There are an infinite number of combinations which would bring the system back into equilibrium in this idealistic mathematical model. One example is {.3, .2, .2, .2, .1}, where only one variable compensated with a negative shift. Another example is {.3, .2, .2, .15, .15}, where two variables compensate evenly with negative shifts. Another is {.3, .2, .1, .4, .0}, where three variables compensate. However, in this example two variables compensated negatively to varying degrees and one actually compensated positively and with a shift greater than the shift in the original variable. These permutations demonstrate a concrete distinction of a systems model, but also the complexity inherent in reciprocal interaction between multiple dimensions. Though technically deterministic, this behavioral complexity is sometimes characterized as “chaotic” (Gleick, 2011, p. 39). A systems model itself may be defined as the set of rules that determine the distribution of each compensation. While the mathematical system model above might accurately describe a simple mechanical system, each variable in a living system is probably changing simultaneously. Therefore, the project of modeling a living system is likely far more complex than the ideal example given here. BT suggests that the reciprocal functioning of each member of a family can be modeled more or less in the manner described above. In fact, Bowen claims to have developed such a model of the family and used this model to generate the predictions used in his initial experimental research at NIMH. Unfortunately, the details of his model do not appear to be available in the literature. Because the functional level of each member of a family is continuously managing a balance of functioning for self or for the system, their individual functional level is in constant motion. The guidelines for a natural system theory reviewed here are simply suggested to increase the precision of such a dimensional model.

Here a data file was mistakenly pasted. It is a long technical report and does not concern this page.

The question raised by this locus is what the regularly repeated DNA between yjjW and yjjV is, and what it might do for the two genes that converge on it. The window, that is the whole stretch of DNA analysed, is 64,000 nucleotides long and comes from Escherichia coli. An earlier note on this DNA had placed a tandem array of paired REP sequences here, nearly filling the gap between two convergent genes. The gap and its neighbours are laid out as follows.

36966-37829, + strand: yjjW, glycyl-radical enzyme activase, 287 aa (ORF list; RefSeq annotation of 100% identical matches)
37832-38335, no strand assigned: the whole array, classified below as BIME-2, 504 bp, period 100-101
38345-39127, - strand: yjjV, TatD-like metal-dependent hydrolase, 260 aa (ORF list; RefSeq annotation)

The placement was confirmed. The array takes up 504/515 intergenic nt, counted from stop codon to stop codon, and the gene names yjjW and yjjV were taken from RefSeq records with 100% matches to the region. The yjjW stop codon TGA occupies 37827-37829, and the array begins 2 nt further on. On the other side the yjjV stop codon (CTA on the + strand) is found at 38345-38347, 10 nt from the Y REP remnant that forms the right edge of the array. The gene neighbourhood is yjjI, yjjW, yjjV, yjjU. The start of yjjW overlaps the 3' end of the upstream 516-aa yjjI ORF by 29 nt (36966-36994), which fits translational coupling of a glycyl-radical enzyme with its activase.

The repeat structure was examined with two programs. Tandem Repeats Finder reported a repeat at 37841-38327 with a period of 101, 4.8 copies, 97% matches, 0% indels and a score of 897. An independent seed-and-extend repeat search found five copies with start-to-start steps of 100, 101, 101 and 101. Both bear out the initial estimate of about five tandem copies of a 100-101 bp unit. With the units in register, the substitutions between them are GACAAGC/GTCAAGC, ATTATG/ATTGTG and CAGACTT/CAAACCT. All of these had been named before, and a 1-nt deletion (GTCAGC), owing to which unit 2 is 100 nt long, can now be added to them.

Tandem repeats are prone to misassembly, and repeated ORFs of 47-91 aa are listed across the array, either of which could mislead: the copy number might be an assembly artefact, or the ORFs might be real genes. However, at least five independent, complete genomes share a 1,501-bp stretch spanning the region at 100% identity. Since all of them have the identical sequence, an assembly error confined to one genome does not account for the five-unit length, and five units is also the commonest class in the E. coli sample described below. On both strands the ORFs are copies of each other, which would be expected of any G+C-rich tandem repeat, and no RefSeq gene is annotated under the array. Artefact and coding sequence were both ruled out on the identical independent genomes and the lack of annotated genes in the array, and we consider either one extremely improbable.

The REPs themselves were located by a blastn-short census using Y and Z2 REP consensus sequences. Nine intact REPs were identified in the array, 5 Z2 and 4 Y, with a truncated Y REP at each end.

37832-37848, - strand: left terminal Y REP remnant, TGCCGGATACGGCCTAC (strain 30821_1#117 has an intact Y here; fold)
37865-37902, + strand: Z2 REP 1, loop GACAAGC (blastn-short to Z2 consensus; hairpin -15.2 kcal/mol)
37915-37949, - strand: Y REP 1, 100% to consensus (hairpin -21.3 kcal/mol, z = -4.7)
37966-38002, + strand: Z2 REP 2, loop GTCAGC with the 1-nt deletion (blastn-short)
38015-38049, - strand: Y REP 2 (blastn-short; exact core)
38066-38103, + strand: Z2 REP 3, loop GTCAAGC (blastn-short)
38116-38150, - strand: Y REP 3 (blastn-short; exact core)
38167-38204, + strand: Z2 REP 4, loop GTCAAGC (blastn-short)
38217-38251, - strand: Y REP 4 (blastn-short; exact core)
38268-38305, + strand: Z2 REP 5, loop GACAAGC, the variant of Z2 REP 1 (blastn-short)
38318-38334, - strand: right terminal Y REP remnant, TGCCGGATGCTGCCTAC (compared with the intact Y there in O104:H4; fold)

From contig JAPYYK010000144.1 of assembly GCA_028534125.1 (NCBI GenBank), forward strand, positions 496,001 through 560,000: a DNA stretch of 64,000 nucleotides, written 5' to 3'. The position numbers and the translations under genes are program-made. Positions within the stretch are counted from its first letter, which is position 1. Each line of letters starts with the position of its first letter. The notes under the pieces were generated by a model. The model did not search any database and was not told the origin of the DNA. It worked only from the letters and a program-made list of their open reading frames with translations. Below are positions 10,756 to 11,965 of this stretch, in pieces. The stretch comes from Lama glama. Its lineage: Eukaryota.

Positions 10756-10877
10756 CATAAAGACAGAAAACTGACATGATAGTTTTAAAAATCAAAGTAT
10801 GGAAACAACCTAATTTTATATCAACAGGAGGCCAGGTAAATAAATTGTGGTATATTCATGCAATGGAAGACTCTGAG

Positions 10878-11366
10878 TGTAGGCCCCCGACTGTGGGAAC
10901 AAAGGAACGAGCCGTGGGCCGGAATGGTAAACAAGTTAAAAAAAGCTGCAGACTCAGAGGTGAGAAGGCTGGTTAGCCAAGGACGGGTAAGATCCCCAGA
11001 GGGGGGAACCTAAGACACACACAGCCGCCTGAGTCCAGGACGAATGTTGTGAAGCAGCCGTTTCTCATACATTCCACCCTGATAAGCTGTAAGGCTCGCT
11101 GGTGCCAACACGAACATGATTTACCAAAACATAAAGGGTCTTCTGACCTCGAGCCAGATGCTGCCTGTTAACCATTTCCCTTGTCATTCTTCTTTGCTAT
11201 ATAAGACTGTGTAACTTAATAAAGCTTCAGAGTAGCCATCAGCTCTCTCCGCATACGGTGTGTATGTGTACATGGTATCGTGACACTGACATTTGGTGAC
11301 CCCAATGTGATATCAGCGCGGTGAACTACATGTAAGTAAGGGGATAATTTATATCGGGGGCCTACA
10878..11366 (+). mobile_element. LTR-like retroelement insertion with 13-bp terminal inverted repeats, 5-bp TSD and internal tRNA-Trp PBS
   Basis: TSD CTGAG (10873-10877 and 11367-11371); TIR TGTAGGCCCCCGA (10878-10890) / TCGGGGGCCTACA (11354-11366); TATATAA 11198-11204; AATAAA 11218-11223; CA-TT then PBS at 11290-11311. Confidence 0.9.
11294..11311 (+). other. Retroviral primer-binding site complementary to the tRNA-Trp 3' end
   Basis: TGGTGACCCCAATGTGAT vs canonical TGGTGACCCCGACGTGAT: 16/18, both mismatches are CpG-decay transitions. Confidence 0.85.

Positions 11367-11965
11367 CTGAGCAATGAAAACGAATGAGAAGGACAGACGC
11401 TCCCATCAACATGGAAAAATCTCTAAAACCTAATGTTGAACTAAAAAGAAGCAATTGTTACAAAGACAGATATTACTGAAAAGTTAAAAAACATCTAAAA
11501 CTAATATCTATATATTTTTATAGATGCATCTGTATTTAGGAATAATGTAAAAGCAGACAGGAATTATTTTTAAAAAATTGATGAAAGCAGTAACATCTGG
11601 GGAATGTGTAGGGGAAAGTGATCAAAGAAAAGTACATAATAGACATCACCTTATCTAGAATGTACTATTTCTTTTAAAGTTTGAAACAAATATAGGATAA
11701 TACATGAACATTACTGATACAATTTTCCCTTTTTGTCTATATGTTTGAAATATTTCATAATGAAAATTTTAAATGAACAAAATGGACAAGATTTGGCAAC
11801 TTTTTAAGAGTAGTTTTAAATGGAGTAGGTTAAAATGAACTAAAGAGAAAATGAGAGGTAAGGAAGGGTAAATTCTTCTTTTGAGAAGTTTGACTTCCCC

Further, more complex systems may describe hierarchies of variables as opposed to placing each variable at peer level. For example, in a family there may be multiple variables to consider in determining the portion of each individuals functional level, which are determined by the individuality force present within them and not the togetherness force in the family. Capturing such complexity may initially be a daunting task. Nevertheless, the takeaway from this guideline is simply that a systems model defines how one variable or set of variables changes in response to a change in another variable or set of variables, often in service of maintaining an equilibrium.